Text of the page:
Then we bought a timeshare and stayed in Flagstaff and the timeshare had a bus that took all the people from the timeshare to the park. We really enjoyed that. Our bus driver was a local and knew so much about the area that it was like having a personal tour guide. He knew about all aspects of the area such as the different color of the rocks, the vegetation, and alerted us to heards of animals on the way. Sometimes people can rent this timeshare at extraholidays.com. Some times of the year are really low in price for a week and others are more expensive.
When on the bus that traveled to the Grand Canyon we ran into people that had traveled by train from the East Coast and they had been dropped off for the day trip to the Canyon only. You might want to check on that. The area can be cold and have snow, so you might want to keep an eye on the weather.
@EndersDrift: I'm going in kind of reverse order of your specific queries, but for what it's worth:
1. <<should I hold off and go when I can take more time?>> Yes - and furthermore, hold off until a time comes when you DON'T have to rely on Greyhound. I hesitate to recommend GH to anyone based on some recent bad experiences shared by colleagues/associates. Surly drivers, dilapidated equipment, you get the picture. If you're from the East Coast, you should know that mass transit is virtually non-existent in the Southwest. The best vacation experience out here is one in which you drive yourself and call your own shots. That by far will give you the most freedom and flexibility.
2. <<How long do you think is good for a visit?>> Most people find that 2 days is plenty. Unless you're a hard core hiker and have multiple day hikes you want to do, the majority of viewpoints, attractions, etc. in the park can be enjoyed in that time frame (2 days). Also, if you do have a 2-week vacation to work with, you'll find you want to divide that time between several attractions in addition to GCNP, such as Sedona, Lake Powell, Zion, Bryce Canyon, etc. If you do something along those lines, purchase an "America the Beautiful Federal Lands Access Pass." The pass costs $80, but provides access to all the National Parks, Monuments, and other Federal Fee Areas in the country for 1 year's time. So after visiting GCNP, you could use it for other areas near U of A, such as Saguaro National Park, or Tumacacori State Historic Site, etc.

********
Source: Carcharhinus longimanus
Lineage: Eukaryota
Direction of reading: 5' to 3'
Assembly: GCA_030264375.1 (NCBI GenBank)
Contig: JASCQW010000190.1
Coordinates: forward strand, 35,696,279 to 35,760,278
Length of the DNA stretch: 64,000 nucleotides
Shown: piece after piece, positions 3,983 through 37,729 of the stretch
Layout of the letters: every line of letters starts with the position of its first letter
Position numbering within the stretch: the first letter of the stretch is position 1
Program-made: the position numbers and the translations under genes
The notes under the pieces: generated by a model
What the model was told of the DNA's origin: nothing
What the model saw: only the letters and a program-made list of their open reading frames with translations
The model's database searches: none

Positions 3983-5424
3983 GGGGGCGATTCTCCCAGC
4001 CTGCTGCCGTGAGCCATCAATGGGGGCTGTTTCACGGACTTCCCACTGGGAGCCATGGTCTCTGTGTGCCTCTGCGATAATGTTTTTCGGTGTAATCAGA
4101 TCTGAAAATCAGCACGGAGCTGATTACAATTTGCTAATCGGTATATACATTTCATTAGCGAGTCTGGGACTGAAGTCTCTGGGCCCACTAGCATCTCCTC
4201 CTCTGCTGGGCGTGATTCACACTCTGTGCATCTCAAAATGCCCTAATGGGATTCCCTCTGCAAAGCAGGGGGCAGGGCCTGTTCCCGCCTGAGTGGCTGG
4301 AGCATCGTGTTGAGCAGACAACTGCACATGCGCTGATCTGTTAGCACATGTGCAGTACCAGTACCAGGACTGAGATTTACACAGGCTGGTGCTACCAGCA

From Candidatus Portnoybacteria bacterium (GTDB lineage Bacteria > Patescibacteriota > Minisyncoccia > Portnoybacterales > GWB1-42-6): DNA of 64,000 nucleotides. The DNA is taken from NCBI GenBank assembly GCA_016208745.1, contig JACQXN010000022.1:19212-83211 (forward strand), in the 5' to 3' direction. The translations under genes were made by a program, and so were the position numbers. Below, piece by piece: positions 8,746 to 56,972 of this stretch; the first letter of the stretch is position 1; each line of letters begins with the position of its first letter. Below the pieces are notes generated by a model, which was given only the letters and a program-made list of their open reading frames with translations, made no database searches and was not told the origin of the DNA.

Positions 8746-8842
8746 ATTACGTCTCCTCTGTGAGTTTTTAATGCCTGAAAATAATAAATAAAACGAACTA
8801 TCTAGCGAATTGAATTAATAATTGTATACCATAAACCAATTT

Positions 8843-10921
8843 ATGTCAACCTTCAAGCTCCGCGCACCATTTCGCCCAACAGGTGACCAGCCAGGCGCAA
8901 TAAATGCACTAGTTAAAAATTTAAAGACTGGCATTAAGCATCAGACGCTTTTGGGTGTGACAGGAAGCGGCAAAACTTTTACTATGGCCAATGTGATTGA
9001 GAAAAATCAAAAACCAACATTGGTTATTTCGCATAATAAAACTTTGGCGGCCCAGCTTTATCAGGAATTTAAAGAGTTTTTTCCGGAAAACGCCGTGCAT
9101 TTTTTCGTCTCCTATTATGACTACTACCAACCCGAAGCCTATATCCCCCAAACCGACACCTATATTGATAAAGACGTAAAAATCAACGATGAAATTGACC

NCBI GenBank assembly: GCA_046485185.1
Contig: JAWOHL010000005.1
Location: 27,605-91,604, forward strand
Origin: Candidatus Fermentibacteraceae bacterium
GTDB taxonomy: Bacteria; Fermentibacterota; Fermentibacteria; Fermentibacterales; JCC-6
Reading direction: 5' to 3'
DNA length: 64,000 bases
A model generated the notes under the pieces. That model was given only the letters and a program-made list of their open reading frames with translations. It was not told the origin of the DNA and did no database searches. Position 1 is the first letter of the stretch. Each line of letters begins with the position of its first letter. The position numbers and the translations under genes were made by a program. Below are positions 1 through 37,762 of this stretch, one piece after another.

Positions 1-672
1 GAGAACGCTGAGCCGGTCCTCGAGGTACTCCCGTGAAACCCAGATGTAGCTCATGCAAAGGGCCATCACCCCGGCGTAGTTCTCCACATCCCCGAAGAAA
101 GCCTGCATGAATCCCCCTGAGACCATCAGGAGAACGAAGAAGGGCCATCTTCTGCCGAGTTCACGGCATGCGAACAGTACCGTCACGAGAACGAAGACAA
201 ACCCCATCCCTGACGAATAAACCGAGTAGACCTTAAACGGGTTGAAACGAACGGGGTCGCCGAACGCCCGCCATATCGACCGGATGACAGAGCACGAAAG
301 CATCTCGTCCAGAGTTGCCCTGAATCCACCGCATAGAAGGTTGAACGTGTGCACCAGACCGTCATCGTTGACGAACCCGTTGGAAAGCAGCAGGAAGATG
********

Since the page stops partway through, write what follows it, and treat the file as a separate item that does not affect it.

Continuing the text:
3. <<Where is the cheapest place to stay?>> Camping is definitely the least expensive way to go, but consider that Grand Canyon South Rim is 7,000' above sea level, so even in summertime, nights can get cold. But if you're prepared for that, Mather Campground is the best one to stay at since it's right in the Village (main commerce area of the park) and closest to the canyon rim. Good idea to reserve in advance, at Federal recreation, camping and tour reservation information - Recreation.gov If you decide against camping, the least expensive Grand Canyon lodging in-park is at Bright Angel Lodge. It offers European dorm-style rooms where you have a sink in the room but toilets, showers, etc. are shared facilities down the hall. These units are amongst the first to book up though, so advance planning is key. Visit Grand Canyon: In-Park Lodging, Tours, Mule-rides for more info.
4. And finally <<which would be best: July 4th; Columbus Day; Christmas; New Years>> Columbus Day. Late September/early October is the best time of year up here; great weather, thinning crowds, all activities/facilities still open. July 4th, avoid like the plague - hot and crowded. Christmas/New Year's - it's OK, but again, gets crowded and too many people with unrealistic expectations. Any other time during the winter is great, but you can encounter snow, so be ready for that. Just stay away from the holidays.
A quick tip about the weather, our dry and windy season is now (May and June) then, historically right around The 4th of July our weather pattern shifts into Monsoon season. A much more enjoyable time up here and the afternoon thunderstorms at the Canyon are awe inspiring! The storms usually don't last very long and in my opinion are amazing, granted you are close to shelter.